I realised something quite early on. Those carers that came in and spoke to me like another human being, who wanted to engage with me, to understand my illness and how the disabilities affected me, those were the carers that fast became my friends, who I had confidence in and I felt I could trust. It was the carers that came in and you were just a client on their list, it was just a job to do and they didn't really want to know you, they were the ones that I didn't gel with and I couldn't trust with the care when I was vulnerable. As time went on though I had really got used to having the carers there, especially the morning slot. I started to think that actually I wanted them to stay helping me......a complete turn around from when they first came in!! The issue would be whether social services would agree that I needed it.
I had my review from social services this January just past. It went really well and the lady who came, my contact at social services, said she had no reason to stop my care but we would just tweek it a little. 
We have stopped the thirty minute afternoon call as we don't really need that now Martin is able to help out again but she was definitely going to keep the hour and a half for six mornings a week. I also get two social hours a week which is to help me to go swimming but also to do things like going out to places like the zoo or cinema or any similar types of things to enable us to get out of the house more.

The other thing we discussed was a new scheme called Direct Payments. I had heard of it before but I wasn't sure how it worked or how it would affect me. Essentially it puts the control back into my hands. The council give me the money (wages) and I am then the employer. I am given two different rates of pay, one is if they come as an employee, this means that it is my responsibility to sort out their tax and National insurance (NI) or the other rate is if they go self employed, they get a couple of pounds an hour more but they are then responsible for their own tax and NI.
The council also give me the money to take out Employment Liability Insurance so that everything is covered. They then set up an account that I am able to pay my carers wages from. It comes with a card attached to that account so that I can pay for things with the card if I need to too. 
I get to choose who my carer will be and they can be a family member or a friend or you can just advertise for someone! The only thing is that they can't live at the same address as you. 
I'm very lucky as I have a lovely friend who came in at short notice but I trust her completely. We get on very well......she and Martin get on very well too and it feels like a really good arrangement between us both. We are in our third week and so far so good! :-)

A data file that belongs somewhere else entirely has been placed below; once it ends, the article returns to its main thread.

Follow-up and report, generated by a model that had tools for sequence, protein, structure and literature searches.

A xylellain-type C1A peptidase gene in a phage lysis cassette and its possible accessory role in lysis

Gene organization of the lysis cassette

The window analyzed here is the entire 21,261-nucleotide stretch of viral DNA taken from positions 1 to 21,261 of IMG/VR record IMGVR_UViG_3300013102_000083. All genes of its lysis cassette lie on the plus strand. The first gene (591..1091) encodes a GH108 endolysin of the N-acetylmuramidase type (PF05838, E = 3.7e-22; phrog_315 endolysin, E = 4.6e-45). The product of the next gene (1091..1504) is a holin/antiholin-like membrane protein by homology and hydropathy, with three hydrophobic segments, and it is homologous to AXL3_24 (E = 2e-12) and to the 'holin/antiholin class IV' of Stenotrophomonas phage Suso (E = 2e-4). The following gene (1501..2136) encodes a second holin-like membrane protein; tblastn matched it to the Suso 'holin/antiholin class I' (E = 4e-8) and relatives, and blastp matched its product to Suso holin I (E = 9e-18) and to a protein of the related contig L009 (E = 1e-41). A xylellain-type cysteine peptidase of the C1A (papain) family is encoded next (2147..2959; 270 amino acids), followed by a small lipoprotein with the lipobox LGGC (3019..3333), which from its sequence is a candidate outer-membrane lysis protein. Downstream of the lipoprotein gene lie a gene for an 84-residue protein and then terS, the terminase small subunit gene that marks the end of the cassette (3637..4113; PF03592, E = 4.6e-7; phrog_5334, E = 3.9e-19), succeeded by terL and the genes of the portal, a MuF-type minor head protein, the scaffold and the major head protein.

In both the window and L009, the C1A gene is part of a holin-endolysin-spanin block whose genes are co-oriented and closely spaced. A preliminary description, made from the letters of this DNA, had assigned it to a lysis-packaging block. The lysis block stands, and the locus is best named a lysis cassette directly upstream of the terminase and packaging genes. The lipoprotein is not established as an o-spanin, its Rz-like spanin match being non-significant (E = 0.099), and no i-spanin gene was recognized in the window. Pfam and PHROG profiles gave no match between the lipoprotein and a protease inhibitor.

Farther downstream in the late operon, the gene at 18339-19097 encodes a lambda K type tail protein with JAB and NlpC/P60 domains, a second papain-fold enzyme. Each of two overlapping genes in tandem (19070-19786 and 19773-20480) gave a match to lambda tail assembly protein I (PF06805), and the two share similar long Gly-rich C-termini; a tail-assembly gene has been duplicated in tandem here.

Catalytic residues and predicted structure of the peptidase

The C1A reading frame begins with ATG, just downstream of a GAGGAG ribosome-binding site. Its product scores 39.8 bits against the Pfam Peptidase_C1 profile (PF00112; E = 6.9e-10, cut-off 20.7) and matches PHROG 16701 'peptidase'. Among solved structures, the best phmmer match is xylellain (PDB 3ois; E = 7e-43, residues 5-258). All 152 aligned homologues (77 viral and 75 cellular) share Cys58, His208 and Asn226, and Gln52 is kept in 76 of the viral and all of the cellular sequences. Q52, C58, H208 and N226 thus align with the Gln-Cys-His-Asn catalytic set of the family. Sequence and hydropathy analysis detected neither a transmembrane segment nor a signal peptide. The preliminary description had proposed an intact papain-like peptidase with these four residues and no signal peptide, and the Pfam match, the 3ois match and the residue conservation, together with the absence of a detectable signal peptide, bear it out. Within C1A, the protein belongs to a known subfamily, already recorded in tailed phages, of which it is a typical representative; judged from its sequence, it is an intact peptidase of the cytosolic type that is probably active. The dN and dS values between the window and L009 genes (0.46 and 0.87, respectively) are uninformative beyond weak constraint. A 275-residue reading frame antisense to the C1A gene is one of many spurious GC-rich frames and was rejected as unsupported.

The whole scheme definitely suits Martin and I better than having my care supplied by a company. It is cheaper for the council because the money they give me is a fraction of what they were paying the company. It gives us more choice, more freedom and definitely more control and I can certainly see why they are trying to move people over to this. But I can also understand that it wouldn't suit everyone.

Fingers crossed this is a permanent arrangement for us! ;-) XxXxX




  



Sunday, 23 March 2014

Photos from Disneyland Paris Feb 2014

Here are just a handful of the photos that we took when we went to Disneyland Paris in February thanks to the MS Society.
We had a wonderful week and that was very special but the lift it gave us wasn't just in that week, it has continued since we got home because of these photos........we have been able to look at these and remember what a fantastic time we had, so the positive feelings have continued! :-)

Thank you so much MS Society and also a couple of smaller charities that also helped with funding, we feel very blessed! :-) XxXxX










Thursday, 13 March 2014

Planning, Preparation and Disneyland Paris!

One of my biggest problems since being diagnosed with MS is that I don't know how to plan. I keep going until I drop instead of looking after myself and making the most out of my days!
So, as you can imagine, getting ready for our holiday was quite challenging! There was so much to do before we went but it was working out what was the priority that I found quite tough!